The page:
Current issues in leadership development

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 Current issues in leadership development

1.1    Situational leadership in disruptive business environments


1.1.1            Literature review of the situational leadership


Herbert Spencer (1884) suggested that time produced the leader and not the other way around. His theory, known as the situational leadership claimed that different situation call for different leadership characteristics which means that there is no single optimal psychographic profile of a leader (Mehta 2009, p.161). And this means that leaders need to change their leadership features and styles accordingly to the changed conditions, and such adaptation seems to be of great importance especially in the more and more disruptive business environment that it is today.


One of the best-known theories of leadership in the organizational psychology is Hersey and Blanchard (1982) Situational Leadership Theory which rests on two fundamental concepts: leadership style and the individual or group’s maturity level and the theory suggested that different leadership styles should be used according to the followers’ maturity level. There are four types of leaderships identified in Hersey and Blanchard (1982) Situational Leadership Theory based on the distinction of two kinds of leadership behaviors: relationship behavior and task leadership. The relationship behavior which refers to satisfying the followers’ personal needs, handling with the interpersonal conflict and increasing the team cohesiveness while the task leadership majorly deals with tasks to be finished by the team as a whole in term of forming solutions, eliminating difficulties and allocating resources.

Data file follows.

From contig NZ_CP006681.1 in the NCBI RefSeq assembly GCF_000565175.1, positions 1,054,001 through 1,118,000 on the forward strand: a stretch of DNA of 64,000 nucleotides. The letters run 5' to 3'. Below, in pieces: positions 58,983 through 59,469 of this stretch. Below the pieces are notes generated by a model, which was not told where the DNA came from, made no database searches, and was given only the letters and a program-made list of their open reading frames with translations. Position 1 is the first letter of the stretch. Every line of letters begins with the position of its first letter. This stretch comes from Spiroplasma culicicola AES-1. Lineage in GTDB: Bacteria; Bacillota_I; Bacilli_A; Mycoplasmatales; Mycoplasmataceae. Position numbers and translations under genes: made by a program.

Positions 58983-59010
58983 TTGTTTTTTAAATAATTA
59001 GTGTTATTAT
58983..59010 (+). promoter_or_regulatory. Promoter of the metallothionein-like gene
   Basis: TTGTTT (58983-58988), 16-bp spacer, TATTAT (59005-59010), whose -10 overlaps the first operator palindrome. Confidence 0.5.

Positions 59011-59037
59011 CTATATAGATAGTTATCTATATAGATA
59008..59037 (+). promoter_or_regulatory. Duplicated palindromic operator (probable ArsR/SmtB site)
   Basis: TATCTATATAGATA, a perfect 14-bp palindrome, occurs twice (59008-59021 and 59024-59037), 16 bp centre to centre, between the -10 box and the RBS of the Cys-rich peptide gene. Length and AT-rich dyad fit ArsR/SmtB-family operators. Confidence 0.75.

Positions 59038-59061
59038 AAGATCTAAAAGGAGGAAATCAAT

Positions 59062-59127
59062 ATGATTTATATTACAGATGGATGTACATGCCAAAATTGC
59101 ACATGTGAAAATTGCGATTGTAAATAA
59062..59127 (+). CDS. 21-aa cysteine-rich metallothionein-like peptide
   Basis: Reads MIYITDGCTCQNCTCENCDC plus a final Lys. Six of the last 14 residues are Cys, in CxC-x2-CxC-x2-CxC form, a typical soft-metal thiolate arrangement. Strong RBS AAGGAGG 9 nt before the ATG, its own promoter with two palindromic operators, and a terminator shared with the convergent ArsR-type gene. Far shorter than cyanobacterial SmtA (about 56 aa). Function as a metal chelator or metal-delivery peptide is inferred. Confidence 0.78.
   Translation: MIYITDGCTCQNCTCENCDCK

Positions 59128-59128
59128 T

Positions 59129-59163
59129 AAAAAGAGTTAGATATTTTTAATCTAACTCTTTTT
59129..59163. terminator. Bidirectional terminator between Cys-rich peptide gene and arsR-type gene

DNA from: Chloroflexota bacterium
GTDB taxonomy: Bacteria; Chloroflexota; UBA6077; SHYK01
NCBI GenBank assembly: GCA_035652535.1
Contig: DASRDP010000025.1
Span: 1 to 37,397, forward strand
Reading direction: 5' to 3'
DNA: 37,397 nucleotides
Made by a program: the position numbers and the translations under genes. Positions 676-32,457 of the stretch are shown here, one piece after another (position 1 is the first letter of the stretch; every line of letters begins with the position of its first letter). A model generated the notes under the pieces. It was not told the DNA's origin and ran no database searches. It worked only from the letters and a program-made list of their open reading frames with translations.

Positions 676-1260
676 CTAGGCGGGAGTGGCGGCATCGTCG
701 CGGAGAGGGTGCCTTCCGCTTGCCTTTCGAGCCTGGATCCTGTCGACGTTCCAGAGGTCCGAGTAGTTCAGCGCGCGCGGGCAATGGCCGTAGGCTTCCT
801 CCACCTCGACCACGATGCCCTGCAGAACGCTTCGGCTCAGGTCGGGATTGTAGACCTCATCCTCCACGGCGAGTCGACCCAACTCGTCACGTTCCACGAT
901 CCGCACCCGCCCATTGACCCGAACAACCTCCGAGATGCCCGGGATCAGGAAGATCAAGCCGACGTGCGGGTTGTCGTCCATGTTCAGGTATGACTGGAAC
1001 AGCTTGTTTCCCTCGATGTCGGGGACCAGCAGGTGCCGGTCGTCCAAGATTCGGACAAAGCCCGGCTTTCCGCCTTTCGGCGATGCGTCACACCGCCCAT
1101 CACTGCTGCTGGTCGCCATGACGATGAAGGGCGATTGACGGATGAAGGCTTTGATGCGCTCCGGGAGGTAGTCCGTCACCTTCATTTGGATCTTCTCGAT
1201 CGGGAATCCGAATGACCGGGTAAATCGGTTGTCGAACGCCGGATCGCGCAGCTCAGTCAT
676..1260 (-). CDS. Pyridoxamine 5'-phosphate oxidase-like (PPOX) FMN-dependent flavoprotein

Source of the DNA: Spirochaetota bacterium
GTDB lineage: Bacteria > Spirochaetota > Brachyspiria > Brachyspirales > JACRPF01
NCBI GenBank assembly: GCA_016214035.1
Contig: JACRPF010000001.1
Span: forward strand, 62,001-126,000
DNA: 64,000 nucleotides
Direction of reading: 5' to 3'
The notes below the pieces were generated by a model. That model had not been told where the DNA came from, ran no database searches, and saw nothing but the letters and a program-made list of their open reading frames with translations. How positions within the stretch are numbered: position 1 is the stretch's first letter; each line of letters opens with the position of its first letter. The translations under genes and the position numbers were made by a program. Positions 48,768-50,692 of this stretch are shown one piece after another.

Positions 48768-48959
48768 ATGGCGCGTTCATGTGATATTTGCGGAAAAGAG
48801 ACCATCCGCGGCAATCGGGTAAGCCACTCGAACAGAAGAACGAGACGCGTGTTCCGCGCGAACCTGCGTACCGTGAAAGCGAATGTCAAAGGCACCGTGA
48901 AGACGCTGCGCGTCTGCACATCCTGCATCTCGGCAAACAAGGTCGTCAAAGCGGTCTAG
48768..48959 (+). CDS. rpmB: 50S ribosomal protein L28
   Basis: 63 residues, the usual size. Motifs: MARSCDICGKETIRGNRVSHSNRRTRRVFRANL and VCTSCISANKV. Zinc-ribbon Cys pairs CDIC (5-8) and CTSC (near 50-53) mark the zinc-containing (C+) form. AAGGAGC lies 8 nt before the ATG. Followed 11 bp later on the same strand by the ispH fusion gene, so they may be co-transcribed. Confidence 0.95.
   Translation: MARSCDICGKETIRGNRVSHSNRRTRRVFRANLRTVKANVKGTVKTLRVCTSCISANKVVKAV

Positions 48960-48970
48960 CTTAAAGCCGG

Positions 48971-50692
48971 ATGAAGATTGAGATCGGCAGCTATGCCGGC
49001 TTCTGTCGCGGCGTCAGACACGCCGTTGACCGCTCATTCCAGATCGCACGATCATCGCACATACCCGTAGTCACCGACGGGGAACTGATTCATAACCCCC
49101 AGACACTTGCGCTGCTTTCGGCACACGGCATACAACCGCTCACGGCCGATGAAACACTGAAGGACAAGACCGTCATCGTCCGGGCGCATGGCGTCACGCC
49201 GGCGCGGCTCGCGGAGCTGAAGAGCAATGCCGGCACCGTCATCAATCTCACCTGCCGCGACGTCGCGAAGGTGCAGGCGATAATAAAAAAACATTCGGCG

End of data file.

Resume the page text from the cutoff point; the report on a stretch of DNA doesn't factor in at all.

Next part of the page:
Figure 2 Hersey and Blanchard (1982) Situational Leadership Theory

Source: Mackay 2007, p.65


At the initial stage the group members are low in maturity, and they tend to be unwilling and also unable (probably because of the lack the necessary skills and knowledge) to do the job, and with the low maturity level in the employees, according to Situational Leadership model leaders are encouraged to use a telling leadership style which involves high task leadership and low relationship behaviors. After the team members achieve the second level of maturity and are able to work smoothly, the model suggested that leaders should increase the relationship behavior to provide support to them which is a high relationship and high task leadership style, or selling leadership style and this selling leadership style will work the best under the second maturity level. As the employee maturity continues to grow to reach the third level, a high relationship but low task orientation leadership, or participating leadership is recommended to better motivate the team members who are able to do the job with the necessary skills. And in the last stage with a fully mature team, a delegating leadership with the features of low relationship and low task orientation will be the most effective as the team members are capable to do the job on their own (Dörnyei & Murphey 2004, p.98).



1.1.2            Constrains of situational leadership